I’ve followed the career of Frances Cox for the past decade. I was first introduced to her beautifully-organic imagery, while curating exhibitions for a small upscale gallery in Three Oaks, Michigan. At that time, she was working on a series of paintings related to a recent tsunami disaster. The imagery was powerfully haunting yet beautiful—composed of teal, blue and green organic shapes adorned with elaborate patterns. These luminous elements alluded to the tragedy that occurred in a paradisiacal environment normally bursting with an abundance of brilliant color.

Over the years, I’ve work with Cox on a variety of exhibitions. Generally, her work is botanically-inspired figurative still life, with clear references to Art Nouveau—highlighting organic design motifs including vine tendrils, flowers, and the human form. Cox’s canvases are gracefully composed, offering the viewer layer-upon-layer of detailed nuance. But the beautiful forms that emerge from the complexity are never subtle. They are bold, direct, and demanding of the viewer’s attention.

Cox explains, “When I look at plant forms, I view them as botanical singularities having the characteristics of other living things. I transfer to plants, metaphors for human feelings and appearances.”

As I previewed the exhibition, I found myself drawn to the beautiful complexity of the canvas titled Summer. This 36 x 38-inch composition plays with a variety of contrasts; the use of a complementary color pallette, large open areas juxtaposed with highly detailed modeled patterns, and a popping of light and dark.

In much of her work, Cox utilizes dark outlines to build form and distinguish shape. This technique presents a visual trail leading the captivated viewer through the composition, introducing quiet details. From a distance, yet another surprise emerges. Each canvas melds into the sum of its parts, becoming a completely new and unique abstraction.

Frances Cox, Dancing Tree, oil on canvas, 40"x40"

Dancing Tree is another gem in this collection. The 40-inch square canvas seems to be channeling the essence of Winged Victory with its flowing Grecian gown and wings raised in triumph. But the fluidity isn’t lost on me. References to Art Nouveau and the work of Will Bradley come to mind. Bradley’s poster for The Chap Book, 1895 offers similar forms. In both samples, billowing shapes seamlessly flow into one another—defining edges where none exist, repeating shape for complexity, and challenging the viewer’s perception.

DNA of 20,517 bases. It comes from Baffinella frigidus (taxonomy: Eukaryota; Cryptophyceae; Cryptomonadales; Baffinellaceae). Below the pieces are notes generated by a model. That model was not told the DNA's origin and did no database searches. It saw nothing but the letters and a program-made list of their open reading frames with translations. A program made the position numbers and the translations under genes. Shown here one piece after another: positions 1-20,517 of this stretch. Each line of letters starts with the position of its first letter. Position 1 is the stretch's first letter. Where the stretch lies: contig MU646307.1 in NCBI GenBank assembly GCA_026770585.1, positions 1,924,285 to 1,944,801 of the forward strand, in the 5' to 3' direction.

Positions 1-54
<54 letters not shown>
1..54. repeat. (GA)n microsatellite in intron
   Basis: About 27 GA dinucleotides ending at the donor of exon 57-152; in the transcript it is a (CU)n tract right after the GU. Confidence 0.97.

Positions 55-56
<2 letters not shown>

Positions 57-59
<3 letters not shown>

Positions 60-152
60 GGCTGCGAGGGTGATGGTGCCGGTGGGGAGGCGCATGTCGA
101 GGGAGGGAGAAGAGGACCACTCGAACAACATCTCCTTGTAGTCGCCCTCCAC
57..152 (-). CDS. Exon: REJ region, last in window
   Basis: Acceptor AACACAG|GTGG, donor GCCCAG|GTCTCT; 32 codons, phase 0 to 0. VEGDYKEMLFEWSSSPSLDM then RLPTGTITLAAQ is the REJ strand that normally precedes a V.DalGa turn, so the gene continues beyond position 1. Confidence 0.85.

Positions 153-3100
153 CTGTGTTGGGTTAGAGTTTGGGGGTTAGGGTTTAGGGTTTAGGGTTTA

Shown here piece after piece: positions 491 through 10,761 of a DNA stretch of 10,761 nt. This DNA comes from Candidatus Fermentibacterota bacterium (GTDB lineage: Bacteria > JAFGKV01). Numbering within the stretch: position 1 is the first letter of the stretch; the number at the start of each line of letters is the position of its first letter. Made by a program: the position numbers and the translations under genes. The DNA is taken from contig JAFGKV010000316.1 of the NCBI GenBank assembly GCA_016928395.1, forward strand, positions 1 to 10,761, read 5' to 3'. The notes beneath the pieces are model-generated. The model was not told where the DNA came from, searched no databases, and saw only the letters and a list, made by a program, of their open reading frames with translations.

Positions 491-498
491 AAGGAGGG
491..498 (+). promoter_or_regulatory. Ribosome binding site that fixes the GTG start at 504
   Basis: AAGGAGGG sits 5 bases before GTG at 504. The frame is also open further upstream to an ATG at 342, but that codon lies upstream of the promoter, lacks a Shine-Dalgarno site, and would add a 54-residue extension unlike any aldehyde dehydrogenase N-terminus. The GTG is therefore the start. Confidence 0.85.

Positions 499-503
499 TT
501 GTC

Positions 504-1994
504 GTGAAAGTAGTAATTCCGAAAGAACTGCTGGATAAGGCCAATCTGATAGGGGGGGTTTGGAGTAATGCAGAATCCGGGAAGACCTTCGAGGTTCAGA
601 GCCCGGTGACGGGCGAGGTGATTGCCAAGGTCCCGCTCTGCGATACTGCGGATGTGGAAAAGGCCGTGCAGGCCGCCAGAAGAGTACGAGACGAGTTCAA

A World Apart, featuring the work by Frances Cox and Michael Noland, opens Friday, April 5, with a reception from 5-8pm. The artists will be in attendance. The Hofheimer Gallery is located at 4823 N. Damen in Chicago [60625]. Gallery Hours are Wednesday through Saturday from 11-5 and by appointment. For additional information contact the gallery at 847.274.7550 or visit hofheimergallery.com …A World Apart continues through April 25, 2019.


Frances A. Cox was raised in Chicago, Illinois, graduated from Marquette University and attended the Art Institute of Chicago. Her work has been exhibited nationally, earning Cox well-deserved recognition and numerous awards.
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Friday, February 22, 2019

Flashes of Brilliance: Illinois High School Art Exhibition at the Zhou B Art Center in Bridgeport


Hazel Mcclinton, Rockford Jefferson High School

Life seemed relatively easy when I was seventeen. It was a time before cellphones, social media and the 24/7 news cycle. People interacted differently. Relationships were built on gradual discovery and respect was learned through an attempt at understanding differences through experience… There was no hiding behind a text or a tweet.

Well, last Friday I found myself exploring what it’s like to be seventeen in 2019. I spent much of the afternoon previewing the Illinois High School Art Exhibition currently on display in the second-floor gallery of the Zhou B Art Center in Bridgeport [Chicago]. The exhibition includes more than 600 works of art created by high school artists from around the state. The collection offers a snapshot of the seventeen-year-old’s reality. The associated angst is apparent in many of the works, but the show presents a new perspective from the next generation’s worldview.

I found myself wondering slowly through the show. The work—hung salon style—is a curatorial choice that offers something new to explore with a slight turn of the head. 

Natalie Wess, Adlai E. Stevenson High School

The show includes imagery that is “safe” and typical of the age—showing the skills of a future illustrator or designer—but there are also new and unexpected expressions. I found pieces which seemed to be created specifically for shock value. But then I questioned… Was the image solely meant to be shocking or was the content the new normal in our quickly changing society?